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Like many spices, turmeric (Curcuma longa) has a long history
of use in traditional medicine. This flavor-filled spice
is primarily cultivated from the rhizomes, or roots, of
a flowering plant in India and other parts of Southeast
Asia, and aside from giving curry its vibrant yellow color,
turmeric is also known for having potent anti-inflammatory
and antioxidant properties, according to a past review.
The primary active component of turmeric — and the one that
gives the spice its characteristic yellow color — is curcumin.
Unfortunately, turmeric (and curcumin on its own) doesn’t
absorb well into the bloodstream, and having it in curry once a
month is unlikely to give you the desired anti-inflammatory and
antioxidant benefits, says Dana Angelo White, RD, owner of Dana
White Nutrition. To reach the amounts of turmeric and curcumin shown
to offer benefits in research studies, you’ll have to turn
Still, you may be able to reap benefits by adding black pepper
anytime you use turmeric, and/or taking a turmeric supplement that
incorporates black pepper. “There is a compound in black pepper
called piperine that actually helps to make turmeric more bioavailable,”
White explains. Bioavailability refers to the amount of a substance
that’s absorbed or able to be used by the body. For instance,
a past study found that consuming 20 milligrams (mg) of piperine
along with 2 grams (g) of curcumin increased bioavailability by
1. Curcumin Is an Anti-Inflammatory
One of turmeric’s main claims to fame is that it’s commonly
used to fight inflammation, and the bulk of turmeric’s inflammation-fighting
powers can be credited to curcumin.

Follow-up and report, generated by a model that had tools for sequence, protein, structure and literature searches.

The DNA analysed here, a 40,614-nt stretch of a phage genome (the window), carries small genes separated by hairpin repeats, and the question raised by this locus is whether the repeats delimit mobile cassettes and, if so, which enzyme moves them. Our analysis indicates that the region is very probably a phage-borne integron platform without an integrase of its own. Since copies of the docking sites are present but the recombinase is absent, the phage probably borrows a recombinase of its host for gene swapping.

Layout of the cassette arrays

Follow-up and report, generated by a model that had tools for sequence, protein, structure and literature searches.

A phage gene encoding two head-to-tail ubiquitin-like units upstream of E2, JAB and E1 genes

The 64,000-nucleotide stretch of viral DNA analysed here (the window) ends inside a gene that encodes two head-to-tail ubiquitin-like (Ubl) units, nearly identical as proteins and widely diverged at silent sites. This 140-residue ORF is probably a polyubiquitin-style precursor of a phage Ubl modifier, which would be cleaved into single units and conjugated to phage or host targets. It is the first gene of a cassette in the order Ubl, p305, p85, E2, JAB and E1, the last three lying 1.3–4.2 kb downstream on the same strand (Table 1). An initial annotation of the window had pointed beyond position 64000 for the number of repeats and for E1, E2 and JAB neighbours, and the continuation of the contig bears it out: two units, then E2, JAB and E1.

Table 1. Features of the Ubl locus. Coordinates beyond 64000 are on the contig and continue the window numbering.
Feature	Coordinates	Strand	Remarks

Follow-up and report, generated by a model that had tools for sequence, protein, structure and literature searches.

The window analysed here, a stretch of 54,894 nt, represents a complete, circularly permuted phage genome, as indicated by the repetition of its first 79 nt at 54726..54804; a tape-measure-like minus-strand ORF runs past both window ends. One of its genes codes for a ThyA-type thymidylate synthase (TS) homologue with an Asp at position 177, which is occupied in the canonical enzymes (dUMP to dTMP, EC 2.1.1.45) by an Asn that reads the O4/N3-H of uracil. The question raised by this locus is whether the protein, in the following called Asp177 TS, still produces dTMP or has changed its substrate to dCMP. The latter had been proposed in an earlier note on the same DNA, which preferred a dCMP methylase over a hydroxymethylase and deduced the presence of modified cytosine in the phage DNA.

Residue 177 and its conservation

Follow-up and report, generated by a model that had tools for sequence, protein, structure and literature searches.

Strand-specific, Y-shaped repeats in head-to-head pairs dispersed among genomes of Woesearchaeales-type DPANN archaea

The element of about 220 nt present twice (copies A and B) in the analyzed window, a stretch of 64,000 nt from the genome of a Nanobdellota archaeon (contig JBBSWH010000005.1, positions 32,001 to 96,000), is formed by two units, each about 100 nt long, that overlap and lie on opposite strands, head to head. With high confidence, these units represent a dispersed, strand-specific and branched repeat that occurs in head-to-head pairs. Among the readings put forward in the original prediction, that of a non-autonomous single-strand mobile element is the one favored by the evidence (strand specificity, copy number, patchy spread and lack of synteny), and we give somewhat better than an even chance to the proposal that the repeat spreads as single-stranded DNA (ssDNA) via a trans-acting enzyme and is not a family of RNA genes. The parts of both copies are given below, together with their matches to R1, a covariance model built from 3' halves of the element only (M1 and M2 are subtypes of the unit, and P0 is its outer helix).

2. Curcumin May Protect Against Heart Disease
A past study shows that curcumin may improve endothelial function,
or the health of the thin membrane that covers the inside of the
heart and blood vessels. This membrane plays a key role in regulating
3. Curcumin May Prevent (and Possibly Help Treat) Cancer
As inflammation is linked to tumor growth, anti-inflammatory compounds
such as curcumin may play a role in treating and preventing a variety
of cancer types, including colorectal, pancreatic, prostate, breast,
and gastric cancers.
4. Curcumin May Help Ease Symptoms of Osteoarthritis
Thanks to its potent anti-inflammatory properties, curcumin may
be a safe and effective long-term treatment option for people with
osteoarthritis (OA). In a past study, people with osteoarthritis
who took 1,000 mg/day of Meriva experienced significant improvements
in stiffness and physical function after eight months, whereas the
control group saw no improvements.
5. Curcumin May Help Treat or Prevent Diabetes
According to a past review of studies, curcumin may help treat and
prevent diabetes, as well as associated disorders like diabetic
nephropathy (also called diabetic kidney disease), which affects
people with type 1 diabetes and type 2 diabetes. (16,17) One drawback:
Many of the studies have been done only in animals, not humans.